John Widemans identity crisis in the Brothers and Keepers

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This discussion talks that, however, this crisis places him in the middle of two worlds, a position that allows him to perfectly explore the profound and original truths concerning the two worlds. Whereas somebody might perceive John’s positioning as remorse, I consider it a case of double consciousness which is purely not a dilemma but instead bolsters a man’s intellectual evolution. This is a major aspect that helps John to place himself in the shoes of his brother, and intensely understand Robert’s life, something that most people cannot do in the contemporary world. John comes to accede his own life by learning and observing his brother’s life, and as such he has no justifiable reason for remorse (Ishmael N.p). His tenderness to the brother’s life challenges and commotions further indicates that John’s identity crisis was intentionally created by the author to develop the story further in a way of striving to merge two worlds that appear to be far apart, but it somehow works due to the bonds of bond, which appear to be resilient.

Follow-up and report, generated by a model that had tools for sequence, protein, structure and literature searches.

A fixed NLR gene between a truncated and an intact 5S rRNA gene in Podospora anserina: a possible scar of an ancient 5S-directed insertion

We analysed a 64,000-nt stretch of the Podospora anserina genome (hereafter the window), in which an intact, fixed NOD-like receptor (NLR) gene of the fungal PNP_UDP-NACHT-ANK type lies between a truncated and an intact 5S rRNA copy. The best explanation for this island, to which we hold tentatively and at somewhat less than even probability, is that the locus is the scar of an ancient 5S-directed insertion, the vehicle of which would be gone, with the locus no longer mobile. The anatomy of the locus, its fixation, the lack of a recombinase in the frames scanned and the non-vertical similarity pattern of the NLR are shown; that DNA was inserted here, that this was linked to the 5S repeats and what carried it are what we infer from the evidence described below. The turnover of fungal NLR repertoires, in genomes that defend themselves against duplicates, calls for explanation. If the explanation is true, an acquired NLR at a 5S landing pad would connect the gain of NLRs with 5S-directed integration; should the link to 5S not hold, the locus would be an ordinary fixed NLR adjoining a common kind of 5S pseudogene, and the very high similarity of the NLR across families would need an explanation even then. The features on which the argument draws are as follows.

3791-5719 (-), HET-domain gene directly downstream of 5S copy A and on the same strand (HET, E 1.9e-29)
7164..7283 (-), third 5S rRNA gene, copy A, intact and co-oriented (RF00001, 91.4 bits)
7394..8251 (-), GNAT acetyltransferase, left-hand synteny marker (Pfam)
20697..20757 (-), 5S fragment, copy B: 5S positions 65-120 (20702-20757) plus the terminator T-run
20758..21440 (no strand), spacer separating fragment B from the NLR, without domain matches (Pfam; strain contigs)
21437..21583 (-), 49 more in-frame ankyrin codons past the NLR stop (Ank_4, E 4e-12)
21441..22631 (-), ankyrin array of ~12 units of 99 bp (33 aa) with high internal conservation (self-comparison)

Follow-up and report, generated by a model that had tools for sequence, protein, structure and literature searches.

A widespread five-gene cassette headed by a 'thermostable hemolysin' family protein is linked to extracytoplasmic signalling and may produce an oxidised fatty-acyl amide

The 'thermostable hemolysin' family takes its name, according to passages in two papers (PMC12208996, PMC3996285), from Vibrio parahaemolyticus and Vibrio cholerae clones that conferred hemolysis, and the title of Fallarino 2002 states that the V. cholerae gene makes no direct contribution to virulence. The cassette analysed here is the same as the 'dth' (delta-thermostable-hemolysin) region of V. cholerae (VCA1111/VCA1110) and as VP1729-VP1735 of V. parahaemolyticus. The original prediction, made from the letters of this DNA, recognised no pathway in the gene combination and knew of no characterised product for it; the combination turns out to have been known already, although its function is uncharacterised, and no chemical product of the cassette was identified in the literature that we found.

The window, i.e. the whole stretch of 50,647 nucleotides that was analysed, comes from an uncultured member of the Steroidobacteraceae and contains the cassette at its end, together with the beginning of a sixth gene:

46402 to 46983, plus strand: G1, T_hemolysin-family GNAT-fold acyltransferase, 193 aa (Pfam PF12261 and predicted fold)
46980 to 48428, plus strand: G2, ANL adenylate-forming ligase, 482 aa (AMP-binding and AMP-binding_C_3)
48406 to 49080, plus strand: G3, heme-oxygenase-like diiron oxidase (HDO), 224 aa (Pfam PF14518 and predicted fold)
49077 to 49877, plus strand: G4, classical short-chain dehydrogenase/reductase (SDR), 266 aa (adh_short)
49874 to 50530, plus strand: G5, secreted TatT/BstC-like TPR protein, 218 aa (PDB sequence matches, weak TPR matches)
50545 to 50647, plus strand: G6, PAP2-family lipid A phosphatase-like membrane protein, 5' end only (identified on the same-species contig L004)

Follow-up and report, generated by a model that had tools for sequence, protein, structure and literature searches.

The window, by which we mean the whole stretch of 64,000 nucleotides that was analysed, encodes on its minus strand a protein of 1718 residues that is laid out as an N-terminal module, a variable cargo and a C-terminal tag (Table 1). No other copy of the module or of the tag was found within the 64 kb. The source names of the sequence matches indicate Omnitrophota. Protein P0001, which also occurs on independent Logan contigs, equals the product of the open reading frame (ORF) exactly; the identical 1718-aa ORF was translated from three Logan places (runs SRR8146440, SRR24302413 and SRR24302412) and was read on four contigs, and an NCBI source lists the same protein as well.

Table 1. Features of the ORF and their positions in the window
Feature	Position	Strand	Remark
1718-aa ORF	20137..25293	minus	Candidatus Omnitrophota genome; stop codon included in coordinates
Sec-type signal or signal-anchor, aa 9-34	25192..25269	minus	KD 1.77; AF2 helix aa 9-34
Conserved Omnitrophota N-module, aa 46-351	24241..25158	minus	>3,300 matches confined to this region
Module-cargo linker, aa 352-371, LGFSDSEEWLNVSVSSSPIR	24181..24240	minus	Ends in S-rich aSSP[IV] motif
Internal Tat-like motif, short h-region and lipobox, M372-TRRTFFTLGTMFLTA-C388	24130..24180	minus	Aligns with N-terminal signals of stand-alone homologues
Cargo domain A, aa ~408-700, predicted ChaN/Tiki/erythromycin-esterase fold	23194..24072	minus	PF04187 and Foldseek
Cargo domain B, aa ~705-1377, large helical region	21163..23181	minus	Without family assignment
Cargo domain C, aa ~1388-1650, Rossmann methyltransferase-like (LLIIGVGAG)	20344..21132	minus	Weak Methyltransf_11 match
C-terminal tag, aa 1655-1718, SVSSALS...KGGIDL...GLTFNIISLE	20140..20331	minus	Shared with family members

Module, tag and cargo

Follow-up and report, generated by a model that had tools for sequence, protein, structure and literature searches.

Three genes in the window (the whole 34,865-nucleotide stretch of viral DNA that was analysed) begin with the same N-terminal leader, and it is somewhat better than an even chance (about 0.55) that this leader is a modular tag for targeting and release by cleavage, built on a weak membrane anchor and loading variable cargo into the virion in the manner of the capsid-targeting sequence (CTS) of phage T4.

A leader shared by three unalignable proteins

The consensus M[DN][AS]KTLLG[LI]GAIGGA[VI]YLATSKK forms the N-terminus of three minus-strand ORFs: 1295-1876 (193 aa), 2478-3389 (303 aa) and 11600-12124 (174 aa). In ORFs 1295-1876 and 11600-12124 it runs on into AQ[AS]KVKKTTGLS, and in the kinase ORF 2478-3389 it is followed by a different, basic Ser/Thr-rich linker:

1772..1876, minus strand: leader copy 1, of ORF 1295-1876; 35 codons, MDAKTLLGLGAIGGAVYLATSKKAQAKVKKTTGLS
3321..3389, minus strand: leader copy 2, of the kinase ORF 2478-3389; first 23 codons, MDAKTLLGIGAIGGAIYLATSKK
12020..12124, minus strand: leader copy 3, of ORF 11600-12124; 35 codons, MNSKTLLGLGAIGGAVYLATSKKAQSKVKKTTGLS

Evidently, Wideman’s identity crisis provides an ample platform through which readers can see the challenges of failing to face the realities. His crisis leads to personal confusion, but later on, makes him a perfect companion of his brother Robby since he is one person who is at a position to understand the challenges that life brings forth. Wideman’s fight for real and the fabricated image of his world makes the reader visualize an ideal world where self-centeredness overweighs blood bonds.